Solar Hot Water for 2030
Task 69 investigates which technologies are the most appropriate now and into 2030 for solar-derived hot water, considering the full spectrum of global economic development. The Task will predominately focus on the development path and best practices for two technologies which, we believe, are likely to play the biggest role in the solar hot water market in 2030: solar thermal thermosyphon systems and solar photovoltaic (PV) self-consumption hot water heating systems.
Prof. Robert A Taylor’s main research interest is in the development of ‘next generation’ solar and thermal energy systems. Drawing on the fields of heat transfer and nanotechnology, he isresearching new/novel components, fluids, materials, and systems to increase the utilisation of solar energy in society. As such, his main goal is to provide a more efficient and more economic coupling between solar energy and useful thermal and/or electrical energy.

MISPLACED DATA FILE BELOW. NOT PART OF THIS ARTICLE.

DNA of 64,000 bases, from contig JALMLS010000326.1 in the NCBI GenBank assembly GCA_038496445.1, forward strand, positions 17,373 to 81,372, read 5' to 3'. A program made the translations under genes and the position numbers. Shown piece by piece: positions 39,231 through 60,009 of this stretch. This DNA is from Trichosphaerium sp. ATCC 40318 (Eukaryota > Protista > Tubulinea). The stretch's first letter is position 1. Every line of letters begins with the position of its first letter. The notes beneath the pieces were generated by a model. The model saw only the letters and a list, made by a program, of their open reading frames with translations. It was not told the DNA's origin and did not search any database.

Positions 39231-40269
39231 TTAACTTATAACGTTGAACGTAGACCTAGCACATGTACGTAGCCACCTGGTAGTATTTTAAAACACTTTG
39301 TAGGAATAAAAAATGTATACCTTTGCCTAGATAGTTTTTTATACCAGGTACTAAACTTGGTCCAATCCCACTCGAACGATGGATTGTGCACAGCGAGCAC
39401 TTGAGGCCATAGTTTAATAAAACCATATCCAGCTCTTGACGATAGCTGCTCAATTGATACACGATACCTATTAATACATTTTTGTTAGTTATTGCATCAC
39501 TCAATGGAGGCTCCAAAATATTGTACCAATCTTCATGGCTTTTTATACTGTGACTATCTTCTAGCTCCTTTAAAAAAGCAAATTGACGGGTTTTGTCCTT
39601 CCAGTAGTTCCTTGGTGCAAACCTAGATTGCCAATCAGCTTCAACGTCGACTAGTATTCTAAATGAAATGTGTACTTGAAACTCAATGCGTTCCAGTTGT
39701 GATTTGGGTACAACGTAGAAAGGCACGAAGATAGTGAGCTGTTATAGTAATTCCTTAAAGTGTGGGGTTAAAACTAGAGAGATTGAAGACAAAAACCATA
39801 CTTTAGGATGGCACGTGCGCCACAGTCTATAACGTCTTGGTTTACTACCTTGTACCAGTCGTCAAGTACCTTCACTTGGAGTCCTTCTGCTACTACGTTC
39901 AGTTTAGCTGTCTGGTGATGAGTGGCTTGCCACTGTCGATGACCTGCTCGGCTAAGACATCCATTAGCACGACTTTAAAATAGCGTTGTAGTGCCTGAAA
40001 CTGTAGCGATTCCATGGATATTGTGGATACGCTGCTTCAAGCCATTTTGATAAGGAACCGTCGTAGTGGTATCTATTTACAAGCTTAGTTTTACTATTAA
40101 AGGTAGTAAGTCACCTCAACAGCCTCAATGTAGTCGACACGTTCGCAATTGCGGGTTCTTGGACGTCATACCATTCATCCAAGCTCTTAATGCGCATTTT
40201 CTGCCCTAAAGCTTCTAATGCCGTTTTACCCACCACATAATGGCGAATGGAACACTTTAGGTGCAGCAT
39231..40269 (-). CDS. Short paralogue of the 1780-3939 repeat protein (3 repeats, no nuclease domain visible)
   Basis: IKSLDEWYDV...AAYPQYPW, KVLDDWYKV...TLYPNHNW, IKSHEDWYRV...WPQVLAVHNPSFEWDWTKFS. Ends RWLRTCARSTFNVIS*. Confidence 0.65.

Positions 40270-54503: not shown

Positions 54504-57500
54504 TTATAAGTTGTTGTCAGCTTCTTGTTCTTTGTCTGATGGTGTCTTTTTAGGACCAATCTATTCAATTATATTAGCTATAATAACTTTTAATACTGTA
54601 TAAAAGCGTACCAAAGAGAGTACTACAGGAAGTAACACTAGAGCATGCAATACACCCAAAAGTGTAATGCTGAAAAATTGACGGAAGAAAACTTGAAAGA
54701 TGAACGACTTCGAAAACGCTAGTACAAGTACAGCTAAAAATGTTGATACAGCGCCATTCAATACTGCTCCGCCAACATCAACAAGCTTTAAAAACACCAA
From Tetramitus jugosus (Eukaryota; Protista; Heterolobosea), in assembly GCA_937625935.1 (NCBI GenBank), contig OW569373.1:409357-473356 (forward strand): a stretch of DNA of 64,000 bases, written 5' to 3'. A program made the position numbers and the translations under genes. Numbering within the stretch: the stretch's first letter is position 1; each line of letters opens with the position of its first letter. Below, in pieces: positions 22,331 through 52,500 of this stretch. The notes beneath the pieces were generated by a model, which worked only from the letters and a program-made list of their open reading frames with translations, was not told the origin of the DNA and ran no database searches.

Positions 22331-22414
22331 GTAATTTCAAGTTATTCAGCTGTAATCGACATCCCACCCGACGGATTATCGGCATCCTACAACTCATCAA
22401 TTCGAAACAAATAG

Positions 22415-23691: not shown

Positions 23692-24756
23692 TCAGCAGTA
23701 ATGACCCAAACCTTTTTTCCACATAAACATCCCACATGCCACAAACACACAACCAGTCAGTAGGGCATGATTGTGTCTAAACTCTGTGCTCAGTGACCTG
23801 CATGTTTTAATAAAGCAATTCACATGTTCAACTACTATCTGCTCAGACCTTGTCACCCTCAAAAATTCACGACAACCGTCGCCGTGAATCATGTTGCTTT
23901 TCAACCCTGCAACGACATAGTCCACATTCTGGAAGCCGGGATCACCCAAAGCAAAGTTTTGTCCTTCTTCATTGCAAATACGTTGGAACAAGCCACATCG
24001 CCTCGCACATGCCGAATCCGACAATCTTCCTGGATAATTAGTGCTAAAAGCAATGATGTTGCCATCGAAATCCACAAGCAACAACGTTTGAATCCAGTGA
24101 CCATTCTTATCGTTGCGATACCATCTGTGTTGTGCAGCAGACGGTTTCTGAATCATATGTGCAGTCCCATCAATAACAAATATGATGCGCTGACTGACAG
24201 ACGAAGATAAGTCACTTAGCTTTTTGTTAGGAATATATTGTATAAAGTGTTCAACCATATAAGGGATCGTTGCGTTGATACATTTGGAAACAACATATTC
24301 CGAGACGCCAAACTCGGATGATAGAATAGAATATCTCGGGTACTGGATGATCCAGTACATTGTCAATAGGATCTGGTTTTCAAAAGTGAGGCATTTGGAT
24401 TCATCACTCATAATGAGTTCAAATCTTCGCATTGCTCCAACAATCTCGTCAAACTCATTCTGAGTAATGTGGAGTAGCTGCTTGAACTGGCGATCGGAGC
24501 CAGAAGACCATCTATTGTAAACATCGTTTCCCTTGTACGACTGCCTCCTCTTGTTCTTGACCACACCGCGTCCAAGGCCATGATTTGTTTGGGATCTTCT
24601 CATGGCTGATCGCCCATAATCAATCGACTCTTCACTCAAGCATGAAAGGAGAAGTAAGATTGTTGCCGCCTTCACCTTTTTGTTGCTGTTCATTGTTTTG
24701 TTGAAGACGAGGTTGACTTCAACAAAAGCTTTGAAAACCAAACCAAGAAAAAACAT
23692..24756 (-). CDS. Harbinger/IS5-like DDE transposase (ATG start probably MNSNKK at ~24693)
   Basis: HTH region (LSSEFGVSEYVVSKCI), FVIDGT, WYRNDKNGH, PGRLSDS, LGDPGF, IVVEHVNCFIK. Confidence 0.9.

Dean Clift has over 10 years industry experience in solar water heating, with the past 5 years focusing on technical developments in PV water heating. Dean represents the Australian Clean Energy Council on the Australian and New Zealand solar heating standards committee CS028 and is a sub-task C leader for IEA SHC Task 69.Dean is undertaking a PhD at RMIT under the lead supervision of Prof. Gary Rosengarten, optimizing interdependent water heater designs and controls in renewable rich electrical networks to assist the voltage and frequency stability of electrical distribution networks.